What we learn when we choose to live alone

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The first night in my new apartment, I lit an incense stick, pulled a butcher-paper parcel out of the fridge and took off my pants. While the heady, formerly contraband smell of Nag Champa wafted over me, I munched on twiggy sticks from the supermarket deli and watched The Nanny. Living by myself was going to be all right.

I slept a total of three hours. I closed my bedroom door, then opened it. I checked the locks. I stalked around the small space ensuring the appliances and gas knobs were off. I tried to self-soothe my thundering heart when my neighbour opened her front door and I thought it was mine.

I googled whether possums and bats ever fight each other after hearing a demonic scuffle from the tree outside my window. All I could think was: have I made a terrible decision?

Almost exactly one year later, I’m having dinner on my balcony. It’s a late summer night and the air is warm. I cooked with the door open, the sluggish breeze wafting in as I listened, uninterrupted, to a podcast. I made too much food, but it will provide leftovers for days. I sit with my bare feet on the rails and look at the sky. I have watered my tomato plants and the water drips slowly over the balcony. Bliss.

I’ve never lived alone before. I went straight from my childhood home to a string of dysfunctional, intense, glorious share houses where we cooked meals together, heard each other having sex and battled various rodent plagues. But, at the age of 27, after years in a five-person share house with one bathroom, something made me decide it was time for a change.

There are usually two groups of thinking about living alone. In the first, it’s basically one long, luxurious bubble bath – followed by wandering around in the nude to classical music while you swill a glass of the expensive wine you splurged on because you don’t have to share it with anyone else. The second version looks a lot more like Renée Zellweger singing All by Myself in Bridget Jones’s Diary.

My experience has been a fairly steady and uneasy alliance of both. I have had a number of bubble baths. The cost of paying rent and bills all alone has meant I don’t have much excess money for fancy wine, but I can blare angsty music (that I only occasionally sing tearfully along to).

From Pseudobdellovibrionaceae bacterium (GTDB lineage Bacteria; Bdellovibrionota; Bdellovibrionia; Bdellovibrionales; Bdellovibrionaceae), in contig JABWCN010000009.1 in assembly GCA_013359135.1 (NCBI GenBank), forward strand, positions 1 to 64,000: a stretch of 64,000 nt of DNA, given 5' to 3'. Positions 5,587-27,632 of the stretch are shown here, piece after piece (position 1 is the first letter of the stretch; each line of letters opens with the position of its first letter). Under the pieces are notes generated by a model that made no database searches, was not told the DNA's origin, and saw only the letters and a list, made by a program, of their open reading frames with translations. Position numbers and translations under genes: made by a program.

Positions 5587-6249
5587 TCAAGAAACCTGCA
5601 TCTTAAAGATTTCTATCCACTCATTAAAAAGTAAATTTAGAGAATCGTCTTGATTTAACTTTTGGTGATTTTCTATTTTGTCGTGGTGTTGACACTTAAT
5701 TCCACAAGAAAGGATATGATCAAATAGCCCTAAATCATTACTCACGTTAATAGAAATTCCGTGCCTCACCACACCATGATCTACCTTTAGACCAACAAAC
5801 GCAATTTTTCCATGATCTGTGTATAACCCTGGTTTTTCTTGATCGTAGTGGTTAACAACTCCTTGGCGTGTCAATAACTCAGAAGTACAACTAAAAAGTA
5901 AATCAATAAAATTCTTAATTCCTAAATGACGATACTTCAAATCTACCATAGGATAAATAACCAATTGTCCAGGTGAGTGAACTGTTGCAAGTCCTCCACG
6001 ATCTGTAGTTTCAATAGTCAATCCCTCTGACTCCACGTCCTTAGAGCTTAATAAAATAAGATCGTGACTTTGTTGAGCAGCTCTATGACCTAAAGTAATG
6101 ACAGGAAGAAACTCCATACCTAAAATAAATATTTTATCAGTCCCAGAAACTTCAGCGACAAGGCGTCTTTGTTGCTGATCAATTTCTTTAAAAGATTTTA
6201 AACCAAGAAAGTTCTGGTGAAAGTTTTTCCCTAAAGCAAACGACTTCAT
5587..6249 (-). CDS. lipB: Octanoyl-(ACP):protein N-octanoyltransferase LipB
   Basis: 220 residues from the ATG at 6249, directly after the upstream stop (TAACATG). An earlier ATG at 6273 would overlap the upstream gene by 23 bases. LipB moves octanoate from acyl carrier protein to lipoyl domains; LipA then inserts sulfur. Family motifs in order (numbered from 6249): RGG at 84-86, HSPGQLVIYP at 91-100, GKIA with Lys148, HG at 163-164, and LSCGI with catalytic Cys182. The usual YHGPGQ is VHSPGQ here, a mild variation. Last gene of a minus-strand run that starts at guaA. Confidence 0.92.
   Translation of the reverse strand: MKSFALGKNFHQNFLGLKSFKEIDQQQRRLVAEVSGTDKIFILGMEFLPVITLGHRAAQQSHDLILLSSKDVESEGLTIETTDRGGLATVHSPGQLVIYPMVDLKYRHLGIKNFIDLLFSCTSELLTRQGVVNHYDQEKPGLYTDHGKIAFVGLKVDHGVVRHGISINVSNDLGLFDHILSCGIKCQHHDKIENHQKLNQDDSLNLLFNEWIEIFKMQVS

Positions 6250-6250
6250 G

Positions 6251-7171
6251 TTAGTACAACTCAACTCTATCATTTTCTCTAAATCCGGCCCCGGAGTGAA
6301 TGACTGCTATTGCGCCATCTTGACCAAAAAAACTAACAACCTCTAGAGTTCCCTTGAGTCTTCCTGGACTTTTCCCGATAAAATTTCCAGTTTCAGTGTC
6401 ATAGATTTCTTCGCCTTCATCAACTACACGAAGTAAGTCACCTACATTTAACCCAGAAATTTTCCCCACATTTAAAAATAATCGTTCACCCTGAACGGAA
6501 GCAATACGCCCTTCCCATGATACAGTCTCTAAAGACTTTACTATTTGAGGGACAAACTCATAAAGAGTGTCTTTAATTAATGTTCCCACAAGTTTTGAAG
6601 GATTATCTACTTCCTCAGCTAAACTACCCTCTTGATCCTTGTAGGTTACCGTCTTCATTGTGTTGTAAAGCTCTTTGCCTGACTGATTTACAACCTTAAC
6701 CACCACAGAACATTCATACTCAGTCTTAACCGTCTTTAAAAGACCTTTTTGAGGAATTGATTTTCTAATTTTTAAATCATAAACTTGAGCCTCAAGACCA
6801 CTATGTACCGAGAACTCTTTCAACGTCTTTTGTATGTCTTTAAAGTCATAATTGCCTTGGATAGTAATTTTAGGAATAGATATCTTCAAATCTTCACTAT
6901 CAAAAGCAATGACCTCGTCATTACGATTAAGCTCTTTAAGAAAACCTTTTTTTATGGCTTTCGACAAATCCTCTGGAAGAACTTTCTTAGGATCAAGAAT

I no longer have those nights when you come home from work so tired that your shins ache and your housemates have thrown an impromptu party for the Portuguese couch surfer who is about to depart for a van trip around Australia. But I also don’t come home to any spontaneous parties.

I do have to check every cupboard and shadowy nook as soon I get home to make sure that there definitely isn’t a murderer jammed in alongside my vacuum cleaner, but I also never come home to doors left unlocked by housemates who do not have the same level of security hyper-vigilance as me. Swings and roundabouts.

I have found that a surprising amount of the pleasure I glean from living alone is based around shame – or, more accurately, lack thereof.

Yes, this is the fifth episode of The Good Wife I have watched in a row (Alicia Florrick sometimes appears in my dreams). Yes, I am going to leave those dishes until the morning (and yes, I am aware it would just be easier to get them done now before the sauce sticks to the side of the pan). Yes, I am talking to the two possums that live in the tree outside my window (their names are Clementine and Brendan).

No, I’m not going to clean up the pile of clothes in the living room that were discarded when I was frantically trying to decide what to wear earlier (I call it my floordrobe). No, I don’t want to hear about your day, or play a game, or help you with your assignment (I’m a little busy watching The Good Wife). No, I don’t think that’s enough cheese (is that ever really a thing?).

But most of all, the small moments taste best. Walking into my cool, quiet flat at the end of a long day and saying aah. Doing a flailing arm dance after fixing my broken screen door with just my wits and an electric drill, without help from anyone else. Coming home from a music festival dirty and dishevelled and exhausted and knowing that I can get into the shower right away, that there is still that half a block of chocolate in the fridge, that I don’t have to tell anyone what my highlight was, and that I can order Uber Eats and not have to worry about anyone else’s budget or healthy eating plan or dietary requirements.

And, most of all, sitting on the balcony on a warm, late summer night, listening to the leaves of the old oak tree rustling, and knowing that, for me, I am enough.

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